Friday, April 18, 2008
book review - The Steep Approach to Garbadale
The Steep Approach To Garbadale is the first Iain Banks I have read for a while. The blurb on the dust jacket would lead you to believe it is one of the finest things he has ever written.
Things start badly with some Scottish stereotypes of the Irving Welsh variety living in a council flat drinking and drugging and not contributing much to anyone. But entering their world is a smart executive who is searching for his cousin – Alban – to take him home to vote against a takeover of the family firm and mark the occasion of his grandmother’s 80th birthday.
As a result of that opening you are left with several questions. First is the question of Alban and that is quickly followed by trying to work out who is family is. These two questions keep the book going through its 300 plus pages. The way the story is told is through a series of flashbacks, which come without any warning and end just as quickly.
The result of the flashback technique is that this becomes almost a series of images going back and forth with the reader advancing occasionally but more often than not having to go back even further to get the context for the Alban situation. In some senses the impact is probably how it feels to be playing a game of snakes and ladders with the forward and backwards taking players in random directions.
But as well as putting the relationships between Alban and the family firm and his grandmother into some context there are two main story lines running through the book. The first is mainly told in flashbacks with the growth of the love between Alban and his cousin Sophie. They are finally split apart by the grandmother. But he still holds a torch for her and will the big family get together be a chance to rekindle old flames?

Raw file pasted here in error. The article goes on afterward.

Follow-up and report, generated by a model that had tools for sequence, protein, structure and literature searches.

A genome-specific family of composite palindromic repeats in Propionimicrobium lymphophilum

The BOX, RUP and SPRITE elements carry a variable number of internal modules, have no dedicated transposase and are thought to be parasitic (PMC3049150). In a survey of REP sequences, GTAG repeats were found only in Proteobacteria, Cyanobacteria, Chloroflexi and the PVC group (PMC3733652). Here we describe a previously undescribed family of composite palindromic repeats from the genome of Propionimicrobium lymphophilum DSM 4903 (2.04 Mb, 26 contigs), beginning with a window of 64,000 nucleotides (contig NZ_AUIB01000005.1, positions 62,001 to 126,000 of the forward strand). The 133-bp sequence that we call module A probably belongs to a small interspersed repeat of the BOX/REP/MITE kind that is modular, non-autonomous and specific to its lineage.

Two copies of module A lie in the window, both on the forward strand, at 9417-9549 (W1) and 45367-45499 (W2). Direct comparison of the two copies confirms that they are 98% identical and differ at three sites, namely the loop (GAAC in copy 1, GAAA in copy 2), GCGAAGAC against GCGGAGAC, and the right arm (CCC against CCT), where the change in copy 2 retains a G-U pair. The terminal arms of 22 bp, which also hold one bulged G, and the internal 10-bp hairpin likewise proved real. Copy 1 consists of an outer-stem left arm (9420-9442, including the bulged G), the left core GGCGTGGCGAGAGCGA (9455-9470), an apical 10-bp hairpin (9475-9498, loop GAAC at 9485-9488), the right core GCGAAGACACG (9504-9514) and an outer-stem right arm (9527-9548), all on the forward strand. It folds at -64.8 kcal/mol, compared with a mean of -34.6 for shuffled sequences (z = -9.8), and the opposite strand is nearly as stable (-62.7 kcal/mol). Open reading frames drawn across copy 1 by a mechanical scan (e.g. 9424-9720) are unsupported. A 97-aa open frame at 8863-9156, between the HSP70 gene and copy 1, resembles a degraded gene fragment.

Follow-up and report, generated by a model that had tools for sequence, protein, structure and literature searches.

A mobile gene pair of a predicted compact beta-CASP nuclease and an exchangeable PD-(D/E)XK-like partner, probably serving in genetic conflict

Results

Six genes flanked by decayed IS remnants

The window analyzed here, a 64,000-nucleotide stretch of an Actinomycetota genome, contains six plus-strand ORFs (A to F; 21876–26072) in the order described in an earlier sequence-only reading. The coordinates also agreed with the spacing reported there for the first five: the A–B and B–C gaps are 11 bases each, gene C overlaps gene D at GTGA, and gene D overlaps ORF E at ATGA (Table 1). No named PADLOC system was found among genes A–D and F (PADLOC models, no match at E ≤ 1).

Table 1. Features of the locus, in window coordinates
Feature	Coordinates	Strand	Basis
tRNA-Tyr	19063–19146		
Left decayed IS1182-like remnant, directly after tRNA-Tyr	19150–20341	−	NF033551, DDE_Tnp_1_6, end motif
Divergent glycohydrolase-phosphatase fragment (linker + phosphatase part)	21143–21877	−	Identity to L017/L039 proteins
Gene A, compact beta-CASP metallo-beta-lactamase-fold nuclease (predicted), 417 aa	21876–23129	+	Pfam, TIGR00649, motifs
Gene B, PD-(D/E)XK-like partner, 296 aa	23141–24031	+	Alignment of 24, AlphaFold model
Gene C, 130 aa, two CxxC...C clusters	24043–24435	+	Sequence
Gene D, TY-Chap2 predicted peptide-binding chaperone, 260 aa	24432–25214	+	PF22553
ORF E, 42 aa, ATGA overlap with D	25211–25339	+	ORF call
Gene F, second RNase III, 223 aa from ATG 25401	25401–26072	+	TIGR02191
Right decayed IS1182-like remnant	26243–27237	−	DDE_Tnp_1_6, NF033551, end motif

Secondly Alban’s mother killed herself when he was not much more than a babe in arms and one of the aunts implies that there was some pressure on her to lose the baby and that drove her to suicide. Again will the big birthday bash with all of the family gathered together be the chance to solve that mystery?
Without giving the ending away the final few chapters of the book do deliver a result on both counts but in a typical Banks way. No penis in jars moments but something equally as dark. The idea seems to be that lurking inside every family is some horrible sort of secret. That darkness does make the last few chapters grab you but it is after a long battle with the flashback mechanism. Possibly alternate chapters might have been a better way of driving the plot forward rather than the headache inducing backwards and forwards here.
It is still going to be hard for Banks to beat The Crow Road if he is looking for a family epic with dark secrets and destructive passions. But this is not that bad a read either. Losing the bookends of the Scottish drunks would have made it even better.
Version read – Abacus paperback